Christina Molcillo


Santa Rosa, CA

Christina Molcillo


Indoor gardens have different soil needs

Moving into the fall season often means moving some of your grow indoors, or setting up houseplants to keep plants around even when it’s too cold to grow outside. Many growers find that one of the easiest things to do is scoop some of the soil they’ve been using outside into a pot for their new transplants because it’s already been amended and successfully brought plants with a healthy yield.

October means planting has just begun for veggies

For many growers, October means the beginning of harvest season and time to get the garden ready for the cold weather. But, for the warmer climate zones, October means it’s time to get planting – for grows both large-scale and small. In these warmer regions, Southern California especially, growers can point to years of warm Halloween celebrations and toasty Santa Ana winds throughout the month, though the mornings can start off chilly.

Keep your herbs in one place when trimming

It’s harvest time, so growers are gathering all the help they can get to gather their (hopefully bountiful) yield! Besides picking and gathering fruits and vegetables, there are plants that need pruning and herbs that may need trimming. Because there may be a plethora of plants that require trimming at any given time during the season, it’s a good idea for the grower to have the right tools in place to streamline their workflow.

Scissors in a garden make more sense than you might think

Fall is the time for harvest, and for cleaning up the garden – no matter what size the grow. Gardening shears are a tool that most gardeners rely on, and while useful, they’re BIG. There are a plenty of detail-oriented chores that would be better (and more neatly) achieved by using a sharp pair of gardening scissors.

Perk up your garden for Fall

Summer is officially over, but that doesn’t mean you can’t perk up your garden before Winter comes barreling in and makes the ground feel more like a brick than soil. An easy way to get started is to take stock of what perennials you have currently growing and augment them with some late blooming annuals that will revamp your garden until that first hard frost hits.

Make an Impact on your yield with Geoflora BLOOM

September is coming to a close, which means the harvest season is almost officially here. There’s still time to give your grow the nutrition it needs to help ease it through this transition phase and bolster flower and fruit production. Even if you’re already using an amended soil, Geoflora BLOOM can be used to re-amend and replenish organic materials in your soil to keep a ready supply of nutrients available in your soil during flowering.

How to harvest the vegetables you grew with Geoflora Nutrients

It’s almost time to harvest the vegetables that have been growing in the garden, when they’re at their peak of flavor and nutrition. Timing varies between crops, but if you’ve been tracking your grow you’ll know how long they’ve been growing, and can tell when they’re ripe enough to pick. One of the most important things to keep in mind is to make certain you take care with your vegetables as you make your way through the garden.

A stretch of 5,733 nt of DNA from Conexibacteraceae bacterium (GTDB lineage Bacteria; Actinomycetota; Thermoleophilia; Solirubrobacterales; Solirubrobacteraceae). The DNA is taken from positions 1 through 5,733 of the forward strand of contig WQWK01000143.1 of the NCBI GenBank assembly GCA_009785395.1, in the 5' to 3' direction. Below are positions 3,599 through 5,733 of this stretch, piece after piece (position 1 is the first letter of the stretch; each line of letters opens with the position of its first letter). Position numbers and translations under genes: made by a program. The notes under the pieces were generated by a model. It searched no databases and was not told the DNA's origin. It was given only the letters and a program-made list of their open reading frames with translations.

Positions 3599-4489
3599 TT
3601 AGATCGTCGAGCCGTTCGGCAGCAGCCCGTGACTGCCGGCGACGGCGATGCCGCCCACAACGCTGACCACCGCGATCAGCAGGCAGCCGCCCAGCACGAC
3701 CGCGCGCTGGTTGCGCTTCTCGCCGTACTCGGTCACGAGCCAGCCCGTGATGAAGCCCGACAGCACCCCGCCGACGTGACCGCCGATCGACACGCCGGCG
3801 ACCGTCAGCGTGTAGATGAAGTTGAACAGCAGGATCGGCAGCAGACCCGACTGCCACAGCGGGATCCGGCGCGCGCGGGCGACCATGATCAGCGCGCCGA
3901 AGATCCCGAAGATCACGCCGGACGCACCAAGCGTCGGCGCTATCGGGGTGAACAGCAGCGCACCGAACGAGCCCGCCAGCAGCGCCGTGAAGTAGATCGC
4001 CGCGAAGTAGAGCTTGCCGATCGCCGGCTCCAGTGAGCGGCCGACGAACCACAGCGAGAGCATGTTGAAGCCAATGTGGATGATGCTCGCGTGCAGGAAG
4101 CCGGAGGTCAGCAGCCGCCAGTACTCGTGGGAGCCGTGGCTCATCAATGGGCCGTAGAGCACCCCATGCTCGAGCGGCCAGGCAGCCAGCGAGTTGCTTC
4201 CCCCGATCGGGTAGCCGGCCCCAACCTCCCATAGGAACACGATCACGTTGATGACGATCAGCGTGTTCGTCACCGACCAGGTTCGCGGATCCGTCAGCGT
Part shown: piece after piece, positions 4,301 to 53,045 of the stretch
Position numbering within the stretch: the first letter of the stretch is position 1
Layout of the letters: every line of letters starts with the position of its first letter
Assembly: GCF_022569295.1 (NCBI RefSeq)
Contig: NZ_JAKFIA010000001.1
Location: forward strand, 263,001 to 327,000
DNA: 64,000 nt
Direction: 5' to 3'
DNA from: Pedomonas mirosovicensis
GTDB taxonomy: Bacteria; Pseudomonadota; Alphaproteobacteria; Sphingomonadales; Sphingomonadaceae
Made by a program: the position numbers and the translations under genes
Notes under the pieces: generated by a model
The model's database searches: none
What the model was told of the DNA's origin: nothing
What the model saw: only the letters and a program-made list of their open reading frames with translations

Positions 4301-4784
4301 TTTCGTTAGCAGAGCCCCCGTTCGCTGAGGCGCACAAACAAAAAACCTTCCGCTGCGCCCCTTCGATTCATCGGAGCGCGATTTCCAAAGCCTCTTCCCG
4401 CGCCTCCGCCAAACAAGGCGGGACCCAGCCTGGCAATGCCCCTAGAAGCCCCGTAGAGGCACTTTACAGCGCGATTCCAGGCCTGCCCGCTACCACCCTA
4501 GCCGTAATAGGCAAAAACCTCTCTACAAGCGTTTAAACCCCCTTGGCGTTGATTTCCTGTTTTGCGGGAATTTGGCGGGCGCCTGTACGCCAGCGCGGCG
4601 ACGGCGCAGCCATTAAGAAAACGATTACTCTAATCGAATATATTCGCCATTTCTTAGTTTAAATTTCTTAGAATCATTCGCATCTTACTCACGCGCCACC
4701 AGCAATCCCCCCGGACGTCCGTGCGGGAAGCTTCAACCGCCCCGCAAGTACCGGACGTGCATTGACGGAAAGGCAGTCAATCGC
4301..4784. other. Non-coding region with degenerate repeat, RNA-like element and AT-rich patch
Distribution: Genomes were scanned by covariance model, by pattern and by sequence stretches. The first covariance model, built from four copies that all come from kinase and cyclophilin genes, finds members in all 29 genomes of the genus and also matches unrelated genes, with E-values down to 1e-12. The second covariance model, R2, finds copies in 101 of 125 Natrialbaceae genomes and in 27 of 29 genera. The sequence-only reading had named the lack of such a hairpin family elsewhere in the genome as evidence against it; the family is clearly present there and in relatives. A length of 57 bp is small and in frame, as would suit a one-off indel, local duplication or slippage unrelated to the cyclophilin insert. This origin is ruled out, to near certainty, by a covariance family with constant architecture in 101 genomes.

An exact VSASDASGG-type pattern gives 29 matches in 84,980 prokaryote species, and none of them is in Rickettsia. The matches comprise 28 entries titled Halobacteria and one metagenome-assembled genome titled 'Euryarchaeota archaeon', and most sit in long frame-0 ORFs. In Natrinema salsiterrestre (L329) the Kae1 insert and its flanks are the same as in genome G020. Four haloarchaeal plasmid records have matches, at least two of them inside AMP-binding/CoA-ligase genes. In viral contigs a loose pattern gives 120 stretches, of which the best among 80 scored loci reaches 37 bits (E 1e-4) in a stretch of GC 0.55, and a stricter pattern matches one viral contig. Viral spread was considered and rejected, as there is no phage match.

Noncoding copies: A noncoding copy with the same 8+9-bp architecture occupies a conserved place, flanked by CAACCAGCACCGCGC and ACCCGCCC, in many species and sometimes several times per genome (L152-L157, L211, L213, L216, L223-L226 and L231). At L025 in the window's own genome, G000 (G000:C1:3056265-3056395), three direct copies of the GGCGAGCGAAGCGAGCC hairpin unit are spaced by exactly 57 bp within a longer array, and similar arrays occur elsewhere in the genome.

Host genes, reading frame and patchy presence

Growing indoors for winter? Protect your floors and furniture

Houseplants are a great way to take advantage of the benefits plants bring to the are they’re in, even though the cold weather may be keeping you inside. These benefits range from improvement in air quality, increase in oxygen levels, better overall health for inhabitants of the home, and – according to researchers – improved concentration and memory retention.

Indoor or patio planters make a difference

It’s been shown that houseplants help clean the air indoors and brighten the mood, while strategically placed potted plants do the same for a patio or deck area. For those who want to expand their container grow beyond a collection of potted plants, a smaller size Geoplanter can make a big difference.

Ferns will feel at home in a GeoPot Squatpot

As the weather turns colder in anticipation of Fall, most outdoor gardens are getting their last harvest and being prepared for winter. This doesn’t mean that green plants and the smell of soil has to wait until spring comes around again; ferns make wonderful houseplants that will flourish inside and are terrifically low-maintenance.

What is Coconut Coir?

Coir is the fibrous material found between the hard, internal shell and the outer coat of a coconut. This fibrous husk is commonly used in household products such as floor mats, doormats, brushes and mattresses. For the hydroponic gardener, it’s best known as a spongy, soilless growing medium that may be added to soil or potting media to increase moisture retention, drainage, and aeration.

Getting a handle on your next growing season

Gardening can be terrible on the back, especially when dealing with container gardens. The back problems with a container garden aren’t from the bending and squatting that generally accompany weeding in a more traditional garden, but from the bending and lifting of (sometimes heavy) pots to move them to a different area, or to add more potted plants to the yard.


Christina Molcillo

I'm an experienced writer with a background developing online content. This includes blogging, social media, articles, and press releases.

I'm a current member of the Society for Professional Journalists, the National Writers Union, and the Redwood Writers branch of the California Writers Club.

I also have a penchant for old cars and even older houses. Currently, I keep busy with a 1925 bungalow in beautiful Sonoma County.



  • Creative Writing
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  • Blogging
  • Press Releases
  • Web Content
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  • Newsletters
  • Copywriting
  • Editing
  • Wordsmithing